Earlier this week, an irate mom tweeted a photo her child had taken in class, in which the teacher openly mocked Fox News as an example of “media bias”:
The teacher was trying to explain what media bias looks like. Fox News was the only media example she used (because no other media outlets are biased, dontcha know?). FYI, snarky Wonka memes are an example of TEACHER bias, not media bias.
This is so typical. I remember from my “Critical Thinking” class in college, I could tell you exactly how the textbook authors and teachers voted by the end of the class. Their bias was that obvious. Of course, you expect that now in universities, but it’s already seeped down to grades K-12.
In Wisconsin, a crossword puzzle assigned to 8th graders told students that “conservative” meant “restricting personal freedoms“:
A mother at a Wisconsin public school said her daughter’s eighth grade class was assigned a worksheet with some eyebrow-raising definitions for “conservatism” and “liberalism.”
Conservatism, it stated in part, believes in “preserving traditional moral values by restricting personal freedoms” while liberalism is for “equality and personal freedom for everyone.”
“This is indoctrination,” Tamra Varebrook, a Republican activist in Racine, Wis., told TheBlaze on Thursday after her 13-year-old daughter showed her the crossword-style vocabulary sheet from Union Grove Elementary School earlier this week.
In New York, students were asked to write an essay from the Nazi perspective of “Why Jews Are Evil”:
An unnamed English teacher at Albany High School who wanted to “challenge” his/her students to “formulate a persuasive argument” tasked them with writing an essay about why “Jews are evil,” as if they were trying to convince a Nazi official of their loyalty. One third of the class refused, and the principal has apologized while insisting that there wasn’t any “malice or intent to cause any insensitivities to our families of Jewish faith.”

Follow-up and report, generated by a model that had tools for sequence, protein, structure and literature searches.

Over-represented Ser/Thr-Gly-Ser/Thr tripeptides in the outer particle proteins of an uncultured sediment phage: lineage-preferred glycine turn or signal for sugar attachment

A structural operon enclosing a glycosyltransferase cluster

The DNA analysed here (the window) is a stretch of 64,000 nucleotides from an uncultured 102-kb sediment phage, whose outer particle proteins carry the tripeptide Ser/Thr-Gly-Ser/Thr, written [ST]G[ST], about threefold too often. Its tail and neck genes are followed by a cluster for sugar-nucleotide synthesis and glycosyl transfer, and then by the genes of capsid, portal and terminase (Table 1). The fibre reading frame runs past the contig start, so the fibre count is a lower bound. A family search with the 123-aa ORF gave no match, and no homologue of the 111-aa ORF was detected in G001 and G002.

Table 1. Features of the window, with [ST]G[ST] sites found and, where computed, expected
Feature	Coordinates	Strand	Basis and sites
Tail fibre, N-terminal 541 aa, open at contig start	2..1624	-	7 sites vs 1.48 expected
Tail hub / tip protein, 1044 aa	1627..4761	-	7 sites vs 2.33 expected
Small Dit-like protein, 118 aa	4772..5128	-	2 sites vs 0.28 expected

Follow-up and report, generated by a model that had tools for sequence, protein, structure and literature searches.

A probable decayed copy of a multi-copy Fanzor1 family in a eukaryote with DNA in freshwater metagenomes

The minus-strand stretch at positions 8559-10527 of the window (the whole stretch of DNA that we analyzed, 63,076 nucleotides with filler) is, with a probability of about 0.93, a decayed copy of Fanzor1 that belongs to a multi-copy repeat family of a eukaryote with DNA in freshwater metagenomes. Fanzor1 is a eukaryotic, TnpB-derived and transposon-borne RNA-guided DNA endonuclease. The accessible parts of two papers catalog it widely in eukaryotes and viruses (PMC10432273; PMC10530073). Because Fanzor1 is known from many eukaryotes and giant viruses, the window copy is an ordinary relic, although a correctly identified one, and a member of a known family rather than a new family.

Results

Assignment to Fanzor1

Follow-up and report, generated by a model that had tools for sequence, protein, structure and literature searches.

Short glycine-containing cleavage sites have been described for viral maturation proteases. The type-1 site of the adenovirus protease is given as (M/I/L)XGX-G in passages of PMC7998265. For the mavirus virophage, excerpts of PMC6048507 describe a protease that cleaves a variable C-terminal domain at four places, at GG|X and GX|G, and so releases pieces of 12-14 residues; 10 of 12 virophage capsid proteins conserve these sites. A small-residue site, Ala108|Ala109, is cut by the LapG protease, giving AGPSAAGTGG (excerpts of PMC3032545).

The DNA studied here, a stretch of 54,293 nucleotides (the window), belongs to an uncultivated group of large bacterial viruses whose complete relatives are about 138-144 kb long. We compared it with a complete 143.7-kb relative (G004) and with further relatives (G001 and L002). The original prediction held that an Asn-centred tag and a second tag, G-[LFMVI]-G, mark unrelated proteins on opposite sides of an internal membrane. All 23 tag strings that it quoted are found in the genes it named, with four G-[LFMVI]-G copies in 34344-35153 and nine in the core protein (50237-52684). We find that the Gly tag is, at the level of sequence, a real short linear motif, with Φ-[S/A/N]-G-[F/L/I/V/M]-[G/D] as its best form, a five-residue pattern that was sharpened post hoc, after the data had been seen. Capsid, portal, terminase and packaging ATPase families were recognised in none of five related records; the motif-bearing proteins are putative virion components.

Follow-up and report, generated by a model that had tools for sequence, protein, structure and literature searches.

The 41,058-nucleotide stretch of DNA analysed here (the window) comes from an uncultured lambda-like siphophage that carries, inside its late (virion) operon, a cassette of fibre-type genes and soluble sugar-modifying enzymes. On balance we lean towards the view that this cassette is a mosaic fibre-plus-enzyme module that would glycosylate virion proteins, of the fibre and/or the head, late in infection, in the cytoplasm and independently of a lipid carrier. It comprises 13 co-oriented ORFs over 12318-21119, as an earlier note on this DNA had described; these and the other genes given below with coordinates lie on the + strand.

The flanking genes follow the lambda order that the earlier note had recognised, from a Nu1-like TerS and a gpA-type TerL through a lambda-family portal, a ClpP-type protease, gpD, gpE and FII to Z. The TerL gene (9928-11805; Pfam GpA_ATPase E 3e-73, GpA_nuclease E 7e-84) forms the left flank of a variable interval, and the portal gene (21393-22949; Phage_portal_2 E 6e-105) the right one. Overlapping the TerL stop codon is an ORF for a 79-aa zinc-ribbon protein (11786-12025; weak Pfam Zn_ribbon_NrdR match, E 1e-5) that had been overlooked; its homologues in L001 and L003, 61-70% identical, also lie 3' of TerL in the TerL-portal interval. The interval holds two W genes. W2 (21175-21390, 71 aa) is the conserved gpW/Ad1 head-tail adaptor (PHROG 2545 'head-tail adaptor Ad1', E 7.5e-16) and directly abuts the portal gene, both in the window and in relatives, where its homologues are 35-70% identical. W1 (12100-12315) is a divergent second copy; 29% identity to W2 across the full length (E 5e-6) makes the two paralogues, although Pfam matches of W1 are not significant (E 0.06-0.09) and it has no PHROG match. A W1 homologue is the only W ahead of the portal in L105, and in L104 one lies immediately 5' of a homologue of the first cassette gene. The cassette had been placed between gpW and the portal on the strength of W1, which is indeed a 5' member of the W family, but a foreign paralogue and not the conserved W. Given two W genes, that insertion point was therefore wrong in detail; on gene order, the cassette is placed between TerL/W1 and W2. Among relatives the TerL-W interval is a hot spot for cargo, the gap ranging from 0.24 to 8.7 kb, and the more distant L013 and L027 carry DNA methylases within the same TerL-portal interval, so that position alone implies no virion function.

Only one-third of the class refused. That means, even with the example of principled resistance before them, two-thirds of the class went along with it!
In Florida, a father was stunned to discover this note written in crayon in his son’s handwriting:
The words are written in crayon, in the haphazard bumpiness of a child’s scrawl.
“I am willing to give up some of my constitutional rights in order to be safer or more secure.”
They’re the words that Florida father Aaron Harvey was stunned to find his fourth-grade son had written, after a lesson in school about the Constitution.
Harvey’s son attends Cedar Hills Elementary in Jacksonville, Fla. Back in January, a local attorney came in to teach the students about the Bill of Rights. But after the attorney left, fourth-grade teacher Cheryl Sabb dictated the sentence to part of the class and had them copy it down, he said.
If you think these are isolated incidents that would never happen at your child’s school, think again. These are just the more blatantly obvious ones that happened to get caught. The real indoctrination happens far more subtly, through half-truths and omissions, false assumptions, stories that manipulate the emotions and pressure to agree with the teacher and follow the crowd. Day after day, year after year, they slowly break down the child’s resistance to their view of the world.